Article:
In the film, Assange is also put under a behavioral microscope, and what emerges is even less pretty. Assange, we learn, is arrogant, narcissistic, intolerant, secretive, hypocritical and perhaps a rapist. He created a pathbreaking portal for publishing government and corporate secrets but ruined it by, among other things, using it as a political shield to avoid answering investigators’ questions about sexual assault allegations from two women in Sweden. Much of this, and perhaps all of it, could be true. Yet it has been amply aired in other venues. Since the first major WikiLeaks scoop in 2010—its publication of a video, leaked by Manning, that showed a US helicopter gunship killing civilians—Assange has been on the front pages and gossip pages of news outlets across the globe. It makes for a colorful story, but Gibney hasn’t broken ground on the “who is Assange?” question as much as he has tended it in a way that, by the film’s end, makes us quite angry with the WikiLeaks founder.
There is nothing wrong with doing a deep dive on Assange or Manning; they have become public figures. And Gibney’s film tells us a lot about a surveillance state out of control. Yet it’s unfortunate that one of the most famous documentarians of our times has created a film that explores the alleged pathologies of these leakers and whistleblowers in a way that diverts our attention from the oppressive policies that turned them into outlaws. Though the film mentions on five occasions the condoms that Assange did or did not use while having intercourse with the Swedish women, Attorney General Eric Holder is referred to just once, with a banal video clip of him at a press briefing. The audience winds up knowing far more about Assange’s sexual practices than about the attorney general who oversees a vast apparatus of surveillance and prosecution. Which of these men should we know more about?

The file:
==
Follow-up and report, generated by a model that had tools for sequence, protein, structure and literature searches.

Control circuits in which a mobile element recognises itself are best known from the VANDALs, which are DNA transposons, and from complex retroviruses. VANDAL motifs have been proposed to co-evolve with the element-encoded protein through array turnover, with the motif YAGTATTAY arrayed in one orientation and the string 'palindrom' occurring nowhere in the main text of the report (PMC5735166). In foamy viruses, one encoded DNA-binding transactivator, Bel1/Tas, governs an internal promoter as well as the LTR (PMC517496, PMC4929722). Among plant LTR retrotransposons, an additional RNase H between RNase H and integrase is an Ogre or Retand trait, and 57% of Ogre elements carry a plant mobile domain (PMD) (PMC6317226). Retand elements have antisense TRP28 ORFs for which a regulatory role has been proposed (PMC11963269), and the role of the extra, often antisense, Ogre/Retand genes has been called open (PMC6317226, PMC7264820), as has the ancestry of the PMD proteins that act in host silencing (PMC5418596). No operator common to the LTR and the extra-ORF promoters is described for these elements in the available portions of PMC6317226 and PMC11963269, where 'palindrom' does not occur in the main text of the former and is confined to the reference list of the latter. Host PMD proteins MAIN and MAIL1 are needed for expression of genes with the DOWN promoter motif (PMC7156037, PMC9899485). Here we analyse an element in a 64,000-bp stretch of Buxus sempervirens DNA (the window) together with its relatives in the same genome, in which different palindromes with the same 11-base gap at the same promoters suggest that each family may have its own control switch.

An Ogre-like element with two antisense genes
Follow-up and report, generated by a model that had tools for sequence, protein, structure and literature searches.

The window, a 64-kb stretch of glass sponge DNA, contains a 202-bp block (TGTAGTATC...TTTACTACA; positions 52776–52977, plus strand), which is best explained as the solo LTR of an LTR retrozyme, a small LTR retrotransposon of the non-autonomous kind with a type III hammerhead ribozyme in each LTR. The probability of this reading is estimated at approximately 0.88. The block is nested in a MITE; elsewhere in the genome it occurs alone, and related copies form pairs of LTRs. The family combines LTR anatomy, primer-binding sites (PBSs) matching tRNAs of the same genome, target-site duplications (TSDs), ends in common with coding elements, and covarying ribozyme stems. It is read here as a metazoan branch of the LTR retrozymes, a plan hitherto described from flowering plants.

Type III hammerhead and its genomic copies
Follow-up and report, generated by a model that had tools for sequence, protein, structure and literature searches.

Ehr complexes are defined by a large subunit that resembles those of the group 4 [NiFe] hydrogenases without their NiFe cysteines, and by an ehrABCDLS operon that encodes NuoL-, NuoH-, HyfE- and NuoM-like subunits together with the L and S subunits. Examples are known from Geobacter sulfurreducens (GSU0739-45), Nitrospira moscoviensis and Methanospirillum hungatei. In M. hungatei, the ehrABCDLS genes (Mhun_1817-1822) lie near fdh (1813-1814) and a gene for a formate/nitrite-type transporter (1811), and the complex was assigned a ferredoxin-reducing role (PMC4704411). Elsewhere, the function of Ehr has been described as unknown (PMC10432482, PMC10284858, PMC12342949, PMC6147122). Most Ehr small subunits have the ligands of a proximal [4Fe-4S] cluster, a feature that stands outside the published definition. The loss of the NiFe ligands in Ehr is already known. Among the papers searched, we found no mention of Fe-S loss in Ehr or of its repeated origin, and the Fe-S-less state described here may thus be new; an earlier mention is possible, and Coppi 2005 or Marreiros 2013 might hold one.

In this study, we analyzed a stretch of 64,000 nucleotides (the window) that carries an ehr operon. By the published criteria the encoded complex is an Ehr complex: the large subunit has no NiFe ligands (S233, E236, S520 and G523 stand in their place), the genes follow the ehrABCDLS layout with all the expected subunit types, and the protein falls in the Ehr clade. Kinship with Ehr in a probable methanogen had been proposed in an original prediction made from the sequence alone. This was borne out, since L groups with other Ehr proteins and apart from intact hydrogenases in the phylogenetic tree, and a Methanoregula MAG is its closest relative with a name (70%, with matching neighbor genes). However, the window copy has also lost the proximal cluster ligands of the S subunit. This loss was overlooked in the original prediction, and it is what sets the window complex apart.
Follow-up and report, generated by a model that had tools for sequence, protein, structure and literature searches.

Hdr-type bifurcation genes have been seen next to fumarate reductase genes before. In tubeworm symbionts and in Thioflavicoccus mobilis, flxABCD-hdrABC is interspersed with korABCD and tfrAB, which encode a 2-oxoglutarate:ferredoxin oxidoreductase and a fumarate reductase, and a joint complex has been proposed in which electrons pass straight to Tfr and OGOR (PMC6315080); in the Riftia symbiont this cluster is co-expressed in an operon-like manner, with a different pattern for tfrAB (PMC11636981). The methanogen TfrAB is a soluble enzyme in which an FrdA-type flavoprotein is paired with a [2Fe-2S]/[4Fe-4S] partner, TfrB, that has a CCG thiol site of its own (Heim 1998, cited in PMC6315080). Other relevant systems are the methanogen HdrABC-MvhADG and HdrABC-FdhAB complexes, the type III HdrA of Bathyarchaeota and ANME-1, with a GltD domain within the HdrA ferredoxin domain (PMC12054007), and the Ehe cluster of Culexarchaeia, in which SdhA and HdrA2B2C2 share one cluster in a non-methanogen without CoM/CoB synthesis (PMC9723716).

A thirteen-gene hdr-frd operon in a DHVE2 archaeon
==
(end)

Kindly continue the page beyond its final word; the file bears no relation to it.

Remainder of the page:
One of the greatest problems in our political discourse today is the dominant focus on personalities rather than systems. While Assange and Manning have colorful backstories, who they are and what they have done (or not done) in their private lives is not the most important thing. The system of secrecy that necessitates and criminalizes their actions should be the star and the villain of a film about these issues. Gibney has not made that film, but the good news is that we might not have to wait long to see it: documentarian Laura Poitras, one of the journalists Snowden confided in, is working on a film about the American surveillance state.
Jaron Lanier asks, “What Is the NSA Doing With Your Metadata?”